Riddle me this, too: Where are the gatekeepers at the clinical sites when anybody attempts to reach out? If a potential participant sees an ad on a Saturday afternoon or a Monday night, are you there to receive the call? NO! Crickets. But that is often when they are most interested! What is far from a real solution is thinking that sending them to voicemail or having your answering service take their name and number with a promise to call them back. (And really, what’s the difference?) This level of responsiveness (or lack thereof) does more harm than good. It frustrates people and leaves a bad taste in their mouths. Conversely, budgeting appropriately and being prepared to provide useful next-step information about their study of interest, and/or guiding them to other viable possibilities, and adding heaps of personal connection and rapport? Your likelihood of success just went up exponentially.
Many people in the profession don’t really seem to grasp the intersecting challenges faced by the participant population and the parameters of any given study. Nor do they seem to understand that getting participants interested and involved in clinical trials is really about connecting with people. It’s about meeting them where they are comfortable. And they are made more comfortable when you’ve been open, transparent, and accessible. And when you have provided them with the information they need— when and how it works best for them.
Sidebar: To anyone out there thinking, “Isn’t the best way to get participants through physicians’ patient databases? Not by a long shot. At least not in our experience. Maybe not for most trials! Another anecdotal experience: Clinical Ambassador was recruiting for a Phase IV trial for Entresto, a relatively new heart medication to treat patients with an ejection fraction under 40%. This is an approved combination therapy that in trials has shown to be more effective than standard treatments in many patients. But being new to market, it is not covered by most health insurances, and its cost are exorbitant— between $450 and $500 per month. The likelihood is high that many patients could not afford this drug on their own. So introducing these patients to a study that bypasses these costs is a no-brainer, right? Cardiologists have patients that are clinically in NEED of Entresto but cannot afford to fill the prescription. So they would be eager to offer them ACCESS to this medication. Right? Well, not so much, really. After presenting this option to exactly 48 Cardiologists within 30 miles of the study site, not a single one saw fit to have a person even explore the study. Why? Somebody explain it to us. But don’t suggest the physician referral model to me any time soon. I’ve still got blisters on my feet to show for it.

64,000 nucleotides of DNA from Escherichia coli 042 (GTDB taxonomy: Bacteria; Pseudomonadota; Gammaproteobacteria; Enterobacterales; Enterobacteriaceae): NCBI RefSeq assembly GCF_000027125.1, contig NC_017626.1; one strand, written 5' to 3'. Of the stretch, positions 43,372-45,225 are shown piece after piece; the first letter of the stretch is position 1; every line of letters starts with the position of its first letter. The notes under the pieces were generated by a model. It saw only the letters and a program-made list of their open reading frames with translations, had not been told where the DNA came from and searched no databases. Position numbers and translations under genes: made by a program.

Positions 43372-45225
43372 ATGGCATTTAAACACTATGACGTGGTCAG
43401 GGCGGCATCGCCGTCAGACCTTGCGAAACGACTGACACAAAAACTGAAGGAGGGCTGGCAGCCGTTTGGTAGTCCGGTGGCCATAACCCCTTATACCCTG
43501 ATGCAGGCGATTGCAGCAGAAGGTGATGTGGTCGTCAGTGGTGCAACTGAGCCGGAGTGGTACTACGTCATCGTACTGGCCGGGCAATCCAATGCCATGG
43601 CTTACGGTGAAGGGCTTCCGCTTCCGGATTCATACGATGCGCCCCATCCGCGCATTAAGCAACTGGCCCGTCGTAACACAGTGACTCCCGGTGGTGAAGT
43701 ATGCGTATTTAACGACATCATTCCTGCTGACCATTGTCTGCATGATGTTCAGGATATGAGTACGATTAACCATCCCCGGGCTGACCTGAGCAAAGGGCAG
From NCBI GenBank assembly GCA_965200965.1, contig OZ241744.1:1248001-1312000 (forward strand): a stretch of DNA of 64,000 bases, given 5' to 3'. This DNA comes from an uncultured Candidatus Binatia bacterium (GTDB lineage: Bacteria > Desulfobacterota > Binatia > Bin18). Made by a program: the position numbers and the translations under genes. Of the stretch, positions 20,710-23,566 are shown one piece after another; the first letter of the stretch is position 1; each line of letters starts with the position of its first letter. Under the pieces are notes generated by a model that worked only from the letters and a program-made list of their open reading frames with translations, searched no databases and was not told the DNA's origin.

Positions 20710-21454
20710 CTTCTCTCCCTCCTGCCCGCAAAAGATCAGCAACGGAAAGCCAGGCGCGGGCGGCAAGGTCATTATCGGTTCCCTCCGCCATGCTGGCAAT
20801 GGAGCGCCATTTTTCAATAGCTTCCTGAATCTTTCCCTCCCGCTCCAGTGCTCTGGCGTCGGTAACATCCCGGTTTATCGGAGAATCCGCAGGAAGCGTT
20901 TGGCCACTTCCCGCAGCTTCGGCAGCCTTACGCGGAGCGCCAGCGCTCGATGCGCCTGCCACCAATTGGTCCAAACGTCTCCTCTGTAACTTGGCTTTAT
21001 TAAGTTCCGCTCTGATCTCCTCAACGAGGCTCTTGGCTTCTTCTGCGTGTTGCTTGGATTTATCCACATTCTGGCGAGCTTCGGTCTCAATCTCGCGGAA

Big Pharma knows they face many obstacles to clinical trial recruitment. Historical baggage is an issue that they have created, and they still talk in circles around it. For example, in the African-American community, the word “Tuskegee” can be bantered around, particularly among our older demographics. But in engaging with the community, we have found that the community is welcoming to information about trials, and, when appropriately informed, is quite open to participating. We also offer testimonials about how cost-effective doing it right can be. But we’ve also seen far too often that those in control of the studies (and controlling the recruiting budgets) wait until the last minute and hide behind the barriers that they themselves have created as an excuse to not invest in the very efforts that could be game-changers.
Marketing communication is a an art unto itself. And not one that the executives, scientists, clinicians and accountants necessarily have in their wheelhouse. Only by accepting this, embracing it, and partnering with other entities that have the requisite skill set and bandwidth can we collectively become more successful in filling these studies with grateful patients and successfully completing them.
And to update my diabetes patient:
Two weeks in, still trying to connect with the study. Three studies from one drug company have actually closed, the site never called me back, and nobody else reached out to see if there were any other possible solutions in their clinical research portfolio.
And we wonder why we can’t fill these studies.
I’m reassuring you that there is a better way. We’re available 24/7 to show you how.